In normal times over 9% (one in eleven) of Queensland’s workforce is employed in tourism compared to Australia’s national average of 7.7%. The state is more dependent on having thriving tourism, events and hospitality sectors than any other state. Daniel Gschwind is Chief Executive at Queensland Tourism Industry Council and as he has pointed out to EventOrganisers in a previous interview, unlike other industries like mining for example, nearly all revenue generated through tourism and events flows back to local communities, such as owner run coffee shops, restaurants, and local experiences.
Over the past two years Daniel Gschwind has become the ‘go to’ source for journalists chasing statistics and quotes about the state of tourism in Queensland, and his face has become a familiar sight on TV screens. He’s also been busy advocating to government on behalf of an industry crippled by COVID travel restrictions and lockdowns, that would normally provide an income for 234,000 people. As Queensland finally begins to fully open its borders from today (13 December 2021), he talks with EventOrganisers about the implications of the conditions of entry to the state and the pathway to recovery for Queensland’s tourism and events operators.
‘Catastrophic effects for events’
Before the public announcements were made about opening the border, were any assurances given that it is the intention for the accompanying restrictions, such as vaccine mandates, to be temporary?
“Certainly, that’s our understanding. The vaccine mandate will be implemented on the 17th December for many of our staff and customers. We absolutely anticipate this to a temporary measure to protect us and limit any spread of the virus. And also I suspect, to drive up the vaccination rates.”
“Like in New South Wales where the mandate has ended, we hope that the 90% vaccination threshold in Queensland will at the very least, trigger a review of any vaccine mandate, because at 90% the community protection should be sufficient, as we understand it. For example, we’ve seen the mask mandate disappear in Queensland and capacity restrictions lifted in various circumstances. So yes, we hope to live free and uncontained very soon.”
‘All of us are ready to throw off all shackles’
“We are privileged in Queensland to have been contained at home for very short periods of time compared to other parts of Australia and the world so, we’ve been very lucky. but I think all of us are ready to throw off all our shackles and get used to what we enjoy doing, which is what our tourism and events industries depend on. People being able to get about and enjoy events, places and destinations without having a whole catalogue of rules in mind and barriers placed in front of them. It has been taxing”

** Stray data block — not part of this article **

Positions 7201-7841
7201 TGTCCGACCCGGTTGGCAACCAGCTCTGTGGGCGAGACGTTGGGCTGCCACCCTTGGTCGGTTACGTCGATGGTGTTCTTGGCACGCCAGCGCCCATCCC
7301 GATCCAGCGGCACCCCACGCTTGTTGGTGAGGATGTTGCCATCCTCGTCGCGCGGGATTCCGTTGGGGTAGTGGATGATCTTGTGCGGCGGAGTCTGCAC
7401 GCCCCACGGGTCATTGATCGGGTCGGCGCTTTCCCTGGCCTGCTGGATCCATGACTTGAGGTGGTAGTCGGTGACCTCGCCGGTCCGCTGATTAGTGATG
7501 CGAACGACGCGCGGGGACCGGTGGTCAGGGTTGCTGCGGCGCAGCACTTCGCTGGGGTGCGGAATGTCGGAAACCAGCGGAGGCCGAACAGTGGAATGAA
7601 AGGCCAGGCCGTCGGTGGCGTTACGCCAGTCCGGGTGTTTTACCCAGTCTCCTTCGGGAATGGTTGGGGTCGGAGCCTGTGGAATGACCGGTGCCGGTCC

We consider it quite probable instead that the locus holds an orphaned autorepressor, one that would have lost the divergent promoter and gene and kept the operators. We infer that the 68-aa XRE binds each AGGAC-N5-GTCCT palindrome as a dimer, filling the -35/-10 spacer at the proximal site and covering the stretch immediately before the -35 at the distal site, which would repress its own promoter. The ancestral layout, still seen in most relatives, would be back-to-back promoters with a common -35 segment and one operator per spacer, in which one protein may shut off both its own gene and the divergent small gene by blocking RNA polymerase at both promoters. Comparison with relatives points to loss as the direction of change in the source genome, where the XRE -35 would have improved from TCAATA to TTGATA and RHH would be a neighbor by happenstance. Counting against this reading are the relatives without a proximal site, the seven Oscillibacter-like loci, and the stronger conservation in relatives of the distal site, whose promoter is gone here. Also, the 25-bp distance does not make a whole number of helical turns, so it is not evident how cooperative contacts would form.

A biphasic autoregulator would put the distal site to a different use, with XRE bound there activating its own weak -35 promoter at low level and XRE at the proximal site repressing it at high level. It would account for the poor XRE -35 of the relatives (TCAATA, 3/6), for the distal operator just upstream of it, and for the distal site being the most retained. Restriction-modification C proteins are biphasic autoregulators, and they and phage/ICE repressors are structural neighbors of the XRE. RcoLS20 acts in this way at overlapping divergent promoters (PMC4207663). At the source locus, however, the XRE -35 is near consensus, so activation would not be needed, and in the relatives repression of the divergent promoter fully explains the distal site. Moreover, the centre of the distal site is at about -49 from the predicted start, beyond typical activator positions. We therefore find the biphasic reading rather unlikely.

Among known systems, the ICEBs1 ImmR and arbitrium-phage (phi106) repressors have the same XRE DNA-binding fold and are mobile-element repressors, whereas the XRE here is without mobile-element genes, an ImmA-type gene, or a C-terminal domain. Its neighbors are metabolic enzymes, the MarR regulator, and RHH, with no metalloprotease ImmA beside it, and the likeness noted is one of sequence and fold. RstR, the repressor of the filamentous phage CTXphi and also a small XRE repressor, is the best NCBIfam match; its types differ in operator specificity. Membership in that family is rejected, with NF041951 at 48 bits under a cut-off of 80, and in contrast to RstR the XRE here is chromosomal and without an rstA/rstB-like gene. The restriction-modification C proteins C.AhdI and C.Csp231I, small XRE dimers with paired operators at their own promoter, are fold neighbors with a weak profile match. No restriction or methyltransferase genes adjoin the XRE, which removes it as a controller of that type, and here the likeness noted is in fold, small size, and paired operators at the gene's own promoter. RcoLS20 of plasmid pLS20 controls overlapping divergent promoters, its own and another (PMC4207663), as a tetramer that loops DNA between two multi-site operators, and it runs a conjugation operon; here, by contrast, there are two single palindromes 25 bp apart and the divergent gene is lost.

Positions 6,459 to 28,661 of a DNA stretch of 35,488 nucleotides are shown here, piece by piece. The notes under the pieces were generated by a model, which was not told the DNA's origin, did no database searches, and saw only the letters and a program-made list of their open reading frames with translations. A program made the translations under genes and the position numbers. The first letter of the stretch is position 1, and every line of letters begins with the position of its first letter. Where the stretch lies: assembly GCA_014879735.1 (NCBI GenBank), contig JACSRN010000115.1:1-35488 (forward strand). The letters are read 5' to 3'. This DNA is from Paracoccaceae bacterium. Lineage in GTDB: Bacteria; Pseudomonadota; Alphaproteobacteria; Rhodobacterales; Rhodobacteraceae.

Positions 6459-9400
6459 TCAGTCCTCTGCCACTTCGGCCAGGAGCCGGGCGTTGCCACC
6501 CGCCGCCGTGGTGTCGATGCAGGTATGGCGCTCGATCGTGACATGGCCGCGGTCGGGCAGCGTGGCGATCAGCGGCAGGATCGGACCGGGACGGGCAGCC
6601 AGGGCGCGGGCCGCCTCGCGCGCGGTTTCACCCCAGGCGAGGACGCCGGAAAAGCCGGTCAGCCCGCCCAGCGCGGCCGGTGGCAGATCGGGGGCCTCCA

If traveling into Queensland by road from or through a designated hotspot, all visitors will need to be fully vaccinated, have a border pass, a PCR test within 72 hours of traveling, and take a further PCR test five days into their visit. Most arrivals by road come through Tweedshire in New South Wales, which is a hotspot. This will inevitably have an impact on visitor numbers, especially families. Do you or your members have any ideas on the potential loss of business, or are you just grateful for open borders, albeit with conditions?
“if it’s the price we have to pay to be opening up our borders, then that’s we’ll do. You know, mandates aren’t the greatest things – the additional PCR test, its certainly an inconvenience but it’s the price we have to pay to get moving and hopefully it will be a temporary measure.”
Maybe when we get to 90% vaccinated, which is a realistic prospect that I never believed would be possible a few months ago. We’re now at 88% first dose in Queensland, so that gives me confidence that we will exceed the 90% requirement in January and hopefully that will be the end of some of those requirements.
What about Rapid Antigen tests instead of PCR tests? A PCR test takes 24 hours to process and is invasive, compared to a Rapid Antigen that takes just minutes to get the result and is less invasive.
“I can tell you with absolute certainty the Rapid Antigen test is not something that the government is willing to entertain at this point. They [Queensland government] are categorically against it because Queensland has low infection rates, so they want to detect every infection and the flow test isn’t as accurate as a PCR test.” [Gschwind isn’t ‘necessarily in agreement with this line of logic from the Queensland government.] “it’s a massive inconvenience at the very least [but] that is what the deal is”.
Has Queensland Tourism Industry Council advocated for the use of Rapid Anitgen tests?
“We have certainly advocated for that, but the response from the government has been absolutely categorical that they are not going down that path. They will insist on a PCR test to open the borders.”
What legacy do you think the past two years leave us with?
“For our industry – and I include the events industry – this has been a financial struggle but also an emotional struggle on all sorts of levels. People worrying about their own future and the future of their own staff – these things are real and will have consequences playing our minds and consumers minds for a long time. And this rebuilding of personal and community confidence, is a big task ahead of us. I don’t know how young people will come out of this, maybe more resilient but it will leave a mark of some kind on all of us.”
“It’s possibly been the biggest crisis in our lifetime and it will leave a long legacy. Hopefully, there will be some positive things coming out of this. COVID separated us – ripped up us apart as a global community, but it also perhaps made us pause and made think about what really matters in our lives. And perhaps made us value our connection to friends, family and the rest of the world. Maybe that will give us a good base to build our future?”.